Federal Liberals getting closer to appointing MMIWG ombudsperson

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The chief of Zagime Anishinabek, home to several First Nations in southeastern Saskatchewan, has filed a proposed class-action lawsuit against the federal government.

The federal government says it’s one step closer to the creation of an Indigenous and human rights ombudsperson role who will oversee the progress on the calls to justice on missing and murdered Indigenous women and girls (MMIWG).

Minister of Crown-Indigenous Relations Marc Miller announced on Jan. 10, that Jennifer Moore Rattray will take on the role as a special advisor to the government to help with the appointment of the ombudsperson by engaging with families, survivors, partners and organizations.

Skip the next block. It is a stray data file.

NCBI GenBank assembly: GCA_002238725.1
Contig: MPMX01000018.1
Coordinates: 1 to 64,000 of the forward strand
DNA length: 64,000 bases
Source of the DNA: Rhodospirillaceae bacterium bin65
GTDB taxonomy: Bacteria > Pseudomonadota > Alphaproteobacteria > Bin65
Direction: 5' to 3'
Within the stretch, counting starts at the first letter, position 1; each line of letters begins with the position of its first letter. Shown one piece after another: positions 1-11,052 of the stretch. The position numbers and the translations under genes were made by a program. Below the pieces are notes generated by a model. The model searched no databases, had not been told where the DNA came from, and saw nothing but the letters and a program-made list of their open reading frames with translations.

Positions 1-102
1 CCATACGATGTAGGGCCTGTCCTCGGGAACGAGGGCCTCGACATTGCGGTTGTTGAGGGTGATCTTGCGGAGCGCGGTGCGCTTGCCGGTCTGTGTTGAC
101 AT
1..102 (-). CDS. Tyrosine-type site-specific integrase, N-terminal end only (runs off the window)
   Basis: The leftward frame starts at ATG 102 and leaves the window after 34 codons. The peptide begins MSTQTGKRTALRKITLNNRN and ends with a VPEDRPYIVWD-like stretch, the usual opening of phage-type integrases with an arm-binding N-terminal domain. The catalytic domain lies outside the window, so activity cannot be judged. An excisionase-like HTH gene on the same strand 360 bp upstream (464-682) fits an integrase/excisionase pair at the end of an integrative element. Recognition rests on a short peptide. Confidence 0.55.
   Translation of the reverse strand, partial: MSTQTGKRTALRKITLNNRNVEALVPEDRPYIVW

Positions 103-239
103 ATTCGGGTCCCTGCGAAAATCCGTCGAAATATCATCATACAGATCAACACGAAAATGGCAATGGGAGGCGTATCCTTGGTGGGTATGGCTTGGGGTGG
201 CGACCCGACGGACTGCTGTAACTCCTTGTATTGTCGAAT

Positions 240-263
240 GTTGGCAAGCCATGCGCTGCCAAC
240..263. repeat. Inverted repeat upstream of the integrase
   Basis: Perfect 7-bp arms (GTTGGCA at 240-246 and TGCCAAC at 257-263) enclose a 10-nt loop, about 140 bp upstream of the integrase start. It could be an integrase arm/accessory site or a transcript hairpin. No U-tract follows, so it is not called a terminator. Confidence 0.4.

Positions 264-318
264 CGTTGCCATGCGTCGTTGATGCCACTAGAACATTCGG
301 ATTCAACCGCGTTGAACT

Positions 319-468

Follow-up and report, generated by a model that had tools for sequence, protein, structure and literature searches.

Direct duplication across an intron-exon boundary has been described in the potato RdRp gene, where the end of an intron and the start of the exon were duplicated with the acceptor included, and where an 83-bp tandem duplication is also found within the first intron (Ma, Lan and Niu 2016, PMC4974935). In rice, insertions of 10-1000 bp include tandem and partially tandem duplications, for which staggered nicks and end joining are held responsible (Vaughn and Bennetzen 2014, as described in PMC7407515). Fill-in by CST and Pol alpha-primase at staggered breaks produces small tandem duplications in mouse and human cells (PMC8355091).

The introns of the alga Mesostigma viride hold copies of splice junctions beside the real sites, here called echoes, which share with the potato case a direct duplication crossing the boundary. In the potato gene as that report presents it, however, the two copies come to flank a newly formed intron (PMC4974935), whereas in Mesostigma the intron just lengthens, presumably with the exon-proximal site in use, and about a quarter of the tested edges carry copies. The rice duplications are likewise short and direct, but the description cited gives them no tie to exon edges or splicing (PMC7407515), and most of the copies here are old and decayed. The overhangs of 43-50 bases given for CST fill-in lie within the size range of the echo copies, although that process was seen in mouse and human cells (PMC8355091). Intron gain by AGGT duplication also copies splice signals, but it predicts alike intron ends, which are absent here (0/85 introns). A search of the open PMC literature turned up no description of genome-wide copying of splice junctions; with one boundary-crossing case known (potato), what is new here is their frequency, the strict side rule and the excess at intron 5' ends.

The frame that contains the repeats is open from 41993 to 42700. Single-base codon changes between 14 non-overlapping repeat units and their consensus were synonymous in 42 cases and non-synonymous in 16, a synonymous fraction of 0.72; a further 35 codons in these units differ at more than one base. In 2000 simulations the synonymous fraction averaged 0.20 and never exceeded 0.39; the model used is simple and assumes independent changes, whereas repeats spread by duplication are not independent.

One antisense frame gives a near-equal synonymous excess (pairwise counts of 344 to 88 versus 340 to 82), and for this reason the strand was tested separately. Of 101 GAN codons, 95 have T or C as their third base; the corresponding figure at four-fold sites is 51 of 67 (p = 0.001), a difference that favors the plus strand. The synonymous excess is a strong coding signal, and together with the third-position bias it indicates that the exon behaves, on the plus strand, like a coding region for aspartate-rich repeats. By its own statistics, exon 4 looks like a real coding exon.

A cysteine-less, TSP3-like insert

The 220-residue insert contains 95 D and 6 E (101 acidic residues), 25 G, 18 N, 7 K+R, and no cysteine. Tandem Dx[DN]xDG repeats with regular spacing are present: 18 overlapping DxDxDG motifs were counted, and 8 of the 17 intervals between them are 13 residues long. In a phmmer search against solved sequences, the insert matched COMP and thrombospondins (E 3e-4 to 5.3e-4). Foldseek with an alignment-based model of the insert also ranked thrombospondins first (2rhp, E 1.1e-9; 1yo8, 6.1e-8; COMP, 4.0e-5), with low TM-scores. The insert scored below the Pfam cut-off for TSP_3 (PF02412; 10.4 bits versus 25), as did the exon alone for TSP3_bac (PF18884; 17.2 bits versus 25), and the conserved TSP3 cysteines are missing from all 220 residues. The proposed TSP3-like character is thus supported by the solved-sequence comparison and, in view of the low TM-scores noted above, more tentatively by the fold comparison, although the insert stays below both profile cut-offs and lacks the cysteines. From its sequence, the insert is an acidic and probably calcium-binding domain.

The 231 calls to justice are contained in the final report of the national inquiry into MMIWG released in 2019.

Call for justice 1.7 calls for the creation of an Indigenous and human rights ombudsperson.

Rattray is a member of the Peepeekisis First Nation in Saskatchewan and a former executive director of the national inquiry into MMIWG.

There is still no timeline as to when an ombudsperson will actually be put in place.

Miller also announced an Indigenous organization called Innovation 7 has been hired to develop recommendations for an oversight mechanism to monitor progress on ending violence against Indigenous women and girls and LGBTQ2S people.

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